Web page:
As for the software, while I enjoy OxygenOS 12, I find the OnePlus Nord N300 5G to be a little weak. The 4GB of RAM can’t really keep up, and I’ve encountered a lot of app and game crashes that may freeze or take a long time to load. The RAM extension or RAM Boost features don’t seem to help much, and the program seems very aggressive in regards to background apps. For example, I’m going to play a game and quickly switch to another app. After a few seconds, I’ll turn back, only to find that the game has reset, which kicks me out of what I was doing. The phone will also constantly warn me about apps that are using a lot of power in the background.
Plus, the 64GB internal storage is a bit of an insult, filling up almost completely once I’ve finished setting up the phone and rendering the RAM extension unusable. Fortunately, there is an option for expandable storage, but that doesn’t always help, as not everything can be moved to a memory card.
Then there is the performance of the camera. OnePlus has upgraded the primary sensor from 13MP to 48MP compared to the Nord N200, but the output isn’t that impressive, and it’s the only usable camera on the setup where the other lens sees just a depth sensor. The images seem a little exaggerated with the vibrancy and color. Low-light photos aren’t much better, and night shots capture a lot of light but lack a lot of detail.
Don’t expect much from a selfie camera.
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Also, beware of bloatware. The device seems very persistent trying to download apps that no one wants. You don’t have to, but it feels annoyingly aggressive. Thanks T-Mobile.
Finally, OnePlus Nord N300 5G runs Android 12 but will only receive one OS upgrade OxygenOS 13 (Android 13), along with two years of software updates. This is the standard for Cheap Android phonesHowever, it would be nice if OnePlus could follow Samsung’s example with multi-year operating system upgrades.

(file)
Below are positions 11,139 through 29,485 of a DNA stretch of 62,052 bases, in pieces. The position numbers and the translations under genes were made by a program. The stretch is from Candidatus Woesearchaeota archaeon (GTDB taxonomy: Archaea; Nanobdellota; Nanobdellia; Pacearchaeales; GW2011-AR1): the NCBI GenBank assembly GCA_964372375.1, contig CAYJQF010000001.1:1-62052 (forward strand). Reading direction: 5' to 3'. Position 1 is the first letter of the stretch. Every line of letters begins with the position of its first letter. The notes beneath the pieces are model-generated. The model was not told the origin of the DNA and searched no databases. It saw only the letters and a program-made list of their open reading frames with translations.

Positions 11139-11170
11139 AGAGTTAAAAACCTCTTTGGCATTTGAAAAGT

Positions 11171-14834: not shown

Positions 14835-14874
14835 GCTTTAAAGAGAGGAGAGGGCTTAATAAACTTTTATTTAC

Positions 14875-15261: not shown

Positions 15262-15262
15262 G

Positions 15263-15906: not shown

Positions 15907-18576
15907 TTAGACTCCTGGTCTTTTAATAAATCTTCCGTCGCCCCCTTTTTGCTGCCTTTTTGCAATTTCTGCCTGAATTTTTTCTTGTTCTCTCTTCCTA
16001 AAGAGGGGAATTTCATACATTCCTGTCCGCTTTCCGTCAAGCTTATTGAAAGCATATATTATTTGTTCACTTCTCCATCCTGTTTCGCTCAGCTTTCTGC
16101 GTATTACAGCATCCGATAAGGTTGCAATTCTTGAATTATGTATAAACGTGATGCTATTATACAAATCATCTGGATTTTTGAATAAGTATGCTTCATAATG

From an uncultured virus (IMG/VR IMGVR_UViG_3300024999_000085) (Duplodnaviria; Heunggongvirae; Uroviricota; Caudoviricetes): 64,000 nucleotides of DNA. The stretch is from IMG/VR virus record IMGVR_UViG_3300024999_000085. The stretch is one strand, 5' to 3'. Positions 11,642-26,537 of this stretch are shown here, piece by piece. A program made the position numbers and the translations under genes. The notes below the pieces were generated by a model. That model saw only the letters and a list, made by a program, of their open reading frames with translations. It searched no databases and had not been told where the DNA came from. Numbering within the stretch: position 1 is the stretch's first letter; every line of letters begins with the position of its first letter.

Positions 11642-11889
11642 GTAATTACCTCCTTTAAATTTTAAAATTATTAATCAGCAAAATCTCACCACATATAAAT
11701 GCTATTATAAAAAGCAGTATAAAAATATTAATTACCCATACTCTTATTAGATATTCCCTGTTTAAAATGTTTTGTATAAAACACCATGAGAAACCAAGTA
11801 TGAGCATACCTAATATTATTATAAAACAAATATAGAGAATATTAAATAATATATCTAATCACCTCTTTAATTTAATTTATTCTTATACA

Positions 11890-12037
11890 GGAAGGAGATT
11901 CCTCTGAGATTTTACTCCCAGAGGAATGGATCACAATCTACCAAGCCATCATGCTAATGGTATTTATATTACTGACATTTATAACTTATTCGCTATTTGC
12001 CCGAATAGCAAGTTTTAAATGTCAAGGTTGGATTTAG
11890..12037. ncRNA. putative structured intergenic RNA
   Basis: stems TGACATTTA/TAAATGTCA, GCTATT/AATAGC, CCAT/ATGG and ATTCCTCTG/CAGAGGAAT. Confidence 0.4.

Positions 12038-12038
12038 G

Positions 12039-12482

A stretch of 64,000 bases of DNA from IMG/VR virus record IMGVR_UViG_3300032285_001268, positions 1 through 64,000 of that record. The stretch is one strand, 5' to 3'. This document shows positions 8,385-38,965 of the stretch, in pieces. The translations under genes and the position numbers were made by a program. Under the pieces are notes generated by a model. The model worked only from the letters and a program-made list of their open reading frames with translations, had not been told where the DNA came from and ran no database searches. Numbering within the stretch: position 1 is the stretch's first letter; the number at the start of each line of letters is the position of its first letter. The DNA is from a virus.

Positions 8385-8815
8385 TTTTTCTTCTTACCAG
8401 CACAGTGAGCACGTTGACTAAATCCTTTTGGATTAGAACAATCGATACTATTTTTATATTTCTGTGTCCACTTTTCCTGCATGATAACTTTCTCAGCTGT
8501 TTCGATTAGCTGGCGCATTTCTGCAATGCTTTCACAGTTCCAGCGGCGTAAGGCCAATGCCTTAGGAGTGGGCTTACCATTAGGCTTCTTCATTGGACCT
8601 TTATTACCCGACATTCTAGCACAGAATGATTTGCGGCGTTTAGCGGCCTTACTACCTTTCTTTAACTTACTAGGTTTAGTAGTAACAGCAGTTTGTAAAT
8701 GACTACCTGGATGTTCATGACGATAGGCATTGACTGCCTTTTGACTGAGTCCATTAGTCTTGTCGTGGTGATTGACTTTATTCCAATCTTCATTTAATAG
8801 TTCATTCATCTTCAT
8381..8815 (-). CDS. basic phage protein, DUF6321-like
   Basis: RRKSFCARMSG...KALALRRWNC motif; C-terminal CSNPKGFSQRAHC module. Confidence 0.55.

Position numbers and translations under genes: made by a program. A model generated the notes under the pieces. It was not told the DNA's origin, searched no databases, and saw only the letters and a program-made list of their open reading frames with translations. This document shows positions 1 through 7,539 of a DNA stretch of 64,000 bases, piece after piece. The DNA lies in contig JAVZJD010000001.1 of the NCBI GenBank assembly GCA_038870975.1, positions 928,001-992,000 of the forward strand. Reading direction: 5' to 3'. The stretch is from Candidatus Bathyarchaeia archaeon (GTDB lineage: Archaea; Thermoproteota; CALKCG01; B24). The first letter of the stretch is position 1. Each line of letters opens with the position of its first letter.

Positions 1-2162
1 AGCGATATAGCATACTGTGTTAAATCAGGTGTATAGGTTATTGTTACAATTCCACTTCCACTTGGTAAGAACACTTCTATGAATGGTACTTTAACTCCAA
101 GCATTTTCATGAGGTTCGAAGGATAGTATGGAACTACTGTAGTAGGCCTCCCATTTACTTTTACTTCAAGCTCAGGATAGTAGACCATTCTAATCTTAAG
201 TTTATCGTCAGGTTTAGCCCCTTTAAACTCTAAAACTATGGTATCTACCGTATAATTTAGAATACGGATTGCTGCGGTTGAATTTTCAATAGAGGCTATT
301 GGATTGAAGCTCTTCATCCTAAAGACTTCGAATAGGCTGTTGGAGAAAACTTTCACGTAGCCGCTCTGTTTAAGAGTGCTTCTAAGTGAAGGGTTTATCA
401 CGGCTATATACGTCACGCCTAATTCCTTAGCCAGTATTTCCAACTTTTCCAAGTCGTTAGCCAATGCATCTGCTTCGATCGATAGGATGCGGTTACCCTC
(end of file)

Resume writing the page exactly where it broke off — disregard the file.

OnePlus Nord N300 5G: The competition
Nord N300 5G is sold by T-Mobile, but the carrier also has Revvl 6 Pro, which is aimed at consumers looking for a budget 5G option. It has a similar design, although it looks a bit cheaper, especially from the back. It comes with twice the storage, more RAM, and wireless charging. However, wired charging is slower, and its software is pretty boring.
The Moto G 5G phone It is a very decent smartphone in this range. It offers an impressive multi-day battery life that can easily last up to two days, and the “stored” Android experience is enhanced with useful add-ons from Motorola. However, the camera performance is poor, there is no NFC, and the charging is very slow.
The Galaxy A23 5G is one of the most impressive smartphones at this price. It’s powered by a tried-and-true Snapdragon 695 chipset, has a 50MP quad-camera setup, a large battery, and multi-year software support. Charging is a little slower at 25W, and the phone only has 4GB of RAM.
OnePlus Nord N300 5G: Should you buy it?
You should buy this if…
- You are looking for an affordable 5G smartphone.
- You want a fast charging phone
- You want a phone with good battery life
You should not buy this if…
- You want a good camera
- You love to play on your phone
- You need a lot of storage space
The OnePlus Nord N300 5G is an interesting phone. It makes weird trade-offs like including a better camera but with fewer lenses, a better rear design but with a lower screen and faster charging but with a somewhat mediocre MediaTek chipset. I’m a little confused about the decisions that led to this phone.
If you are looking for a phone that can handle the bare minimum, this is the phone for you. OxygenOS has a lot of features to help make this phone more interesting and fun, but the experience may be hampered by the chipset’s performance and disappointing picture output. Thankfully, the battery life is good, and it charges quickly, which are two things consumers tend to look for in a phone, according to a recent OnePlus survey.
However, I find it difficult to recommend this phone to anyone. As someone who bought a Nord N200 5G for my little brother, I tend to recommend it more, even if it means missing out on Android 13.